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Am J Gastroenterol. 2001 Aug;96(8):2432-7.

Glycyrrhizin-induced reduction of ALT in European patients with chronic hepatitis C.

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Department of Hepatogastroenterology and Hospital Pharmacy, University Hospital Rotterdam, The Netherlands.



In Japan, ALT normalization induced by long-term i.v. glycyrrhizin treatment reportedly reduces the progression of liver disease to hepatocellular carcinoma in chronic hepatitis C patients. The aim of this study was to evaluate the short-term (4-wk) feasibility and efficacy on serum ALT of three or six times per week i.v. glycyrrhizin therapy in European patients.


Patients with chronic hepatitis C, nonresponders, or unlikely to respond (genotype 1/cirrhosis) to interferon therapy were included in this study. Medication was administered i.v. three or six times per week for 4 wk; follow-up also lasted 4 wk.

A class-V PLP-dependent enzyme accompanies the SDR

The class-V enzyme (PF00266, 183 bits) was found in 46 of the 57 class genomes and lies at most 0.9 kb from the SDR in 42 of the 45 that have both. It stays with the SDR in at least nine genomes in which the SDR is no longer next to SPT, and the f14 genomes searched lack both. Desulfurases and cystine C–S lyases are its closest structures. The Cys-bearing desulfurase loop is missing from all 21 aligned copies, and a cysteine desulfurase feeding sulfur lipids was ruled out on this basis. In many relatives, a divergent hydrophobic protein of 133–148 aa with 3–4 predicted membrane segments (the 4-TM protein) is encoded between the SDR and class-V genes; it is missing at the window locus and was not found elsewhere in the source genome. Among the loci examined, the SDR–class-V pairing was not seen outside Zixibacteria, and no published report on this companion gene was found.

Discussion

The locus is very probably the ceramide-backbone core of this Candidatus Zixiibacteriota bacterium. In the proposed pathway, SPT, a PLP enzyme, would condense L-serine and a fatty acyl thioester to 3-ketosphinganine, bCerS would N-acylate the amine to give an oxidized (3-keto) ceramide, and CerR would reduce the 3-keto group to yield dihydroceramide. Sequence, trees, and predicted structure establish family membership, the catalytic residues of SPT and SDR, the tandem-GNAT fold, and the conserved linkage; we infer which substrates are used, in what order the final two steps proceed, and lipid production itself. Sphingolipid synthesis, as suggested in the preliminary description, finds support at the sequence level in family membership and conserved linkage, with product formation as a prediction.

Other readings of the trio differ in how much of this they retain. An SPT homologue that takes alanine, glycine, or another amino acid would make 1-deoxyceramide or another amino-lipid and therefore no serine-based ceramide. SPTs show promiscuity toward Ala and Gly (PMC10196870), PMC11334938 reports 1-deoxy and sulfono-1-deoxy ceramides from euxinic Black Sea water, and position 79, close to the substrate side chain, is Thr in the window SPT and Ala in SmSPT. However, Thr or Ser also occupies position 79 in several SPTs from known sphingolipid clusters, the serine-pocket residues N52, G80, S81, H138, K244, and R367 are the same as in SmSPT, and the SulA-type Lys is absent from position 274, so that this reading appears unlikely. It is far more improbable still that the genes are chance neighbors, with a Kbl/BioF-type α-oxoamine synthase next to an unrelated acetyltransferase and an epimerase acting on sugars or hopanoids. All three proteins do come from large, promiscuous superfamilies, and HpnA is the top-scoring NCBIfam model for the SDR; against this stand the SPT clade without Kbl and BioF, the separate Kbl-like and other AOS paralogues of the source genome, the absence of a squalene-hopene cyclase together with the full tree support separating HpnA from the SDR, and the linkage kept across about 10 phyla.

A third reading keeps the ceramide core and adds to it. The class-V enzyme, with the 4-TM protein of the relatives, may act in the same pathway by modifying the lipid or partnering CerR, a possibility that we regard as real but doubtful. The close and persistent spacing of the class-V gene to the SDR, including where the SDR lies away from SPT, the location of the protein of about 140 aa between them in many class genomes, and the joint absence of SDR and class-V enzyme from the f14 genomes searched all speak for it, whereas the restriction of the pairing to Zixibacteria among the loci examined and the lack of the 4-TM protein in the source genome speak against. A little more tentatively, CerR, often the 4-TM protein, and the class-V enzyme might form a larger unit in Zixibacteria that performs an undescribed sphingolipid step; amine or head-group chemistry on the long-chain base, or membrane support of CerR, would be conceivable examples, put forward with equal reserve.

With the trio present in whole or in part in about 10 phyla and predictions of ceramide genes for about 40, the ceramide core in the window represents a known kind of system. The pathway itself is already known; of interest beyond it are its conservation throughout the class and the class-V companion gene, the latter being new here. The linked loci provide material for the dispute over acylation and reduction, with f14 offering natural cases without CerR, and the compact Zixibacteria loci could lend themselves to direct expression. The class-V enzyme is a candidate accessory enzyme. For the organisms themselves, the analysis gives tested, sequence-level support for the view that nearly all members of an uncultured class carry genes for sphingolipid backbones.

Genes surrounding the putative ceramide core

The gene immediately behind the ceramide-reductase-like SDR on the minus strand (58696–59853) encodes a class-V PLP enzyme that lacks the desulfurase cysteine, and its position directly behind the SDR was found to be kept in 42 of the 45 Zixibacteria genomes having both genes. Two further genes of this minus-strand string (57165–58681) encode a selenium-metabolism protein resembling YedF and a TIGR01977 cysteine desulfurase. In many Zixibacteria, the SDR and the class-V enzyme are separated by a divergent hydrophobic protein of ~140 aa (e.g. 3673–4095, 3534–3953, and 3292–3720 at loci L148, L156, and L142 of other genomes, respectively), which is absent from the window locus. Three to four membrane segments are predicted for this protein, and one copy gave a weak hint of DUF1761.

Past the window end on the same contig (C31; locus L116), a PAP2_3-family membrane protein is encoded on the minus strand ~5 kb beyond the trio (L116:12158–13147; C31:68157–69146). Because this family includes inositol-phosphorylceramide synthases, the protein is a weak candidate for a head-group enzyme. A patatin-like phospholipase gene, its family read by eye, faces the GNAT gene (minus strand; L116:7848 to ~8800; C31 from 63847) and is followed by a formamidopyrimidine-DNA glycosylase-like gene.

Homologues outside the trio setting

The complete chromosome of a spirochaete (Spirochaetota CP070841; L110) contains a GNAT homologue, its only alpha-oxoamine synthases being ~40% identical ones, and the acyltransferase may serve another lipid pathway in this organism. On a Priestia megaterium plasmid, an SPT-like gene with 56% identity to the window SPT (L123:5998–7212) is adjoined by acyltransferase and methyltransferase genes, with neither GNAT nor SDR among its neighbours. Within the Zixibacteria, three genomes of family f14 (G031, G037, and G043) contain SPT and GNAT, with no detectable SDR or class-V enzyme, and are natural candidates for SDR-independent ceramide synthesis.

Sixty-nine out of 72 treatment courses were completed according to protocol. There were no significant changes in ALT levels within the placebo group (n = 13). The mean percentage ALT decrease from baseline at the end of treatment was 26% and 47% for the three times per week and six times per week treatment group, respectively (both p < 0.001 vs placebo). At the end of active treatment, 10% (four of 41) and 20% (three of 15) of the patients reached normal ALT levels for the three times per week and six times per week treatment group, respectively. The ALT lowering effect disappeared after cessation of treatment. No major side effects were observed.


It appeared feasible to treat European outpatients with chronic hepatitis C three or six times per week with i.v. glycyrrhizin. Glycyrrhizin treatment induces a significant ALT decrease in patients with chronic hepatitis C. Six times per week treatment appears more effective than three times per week.

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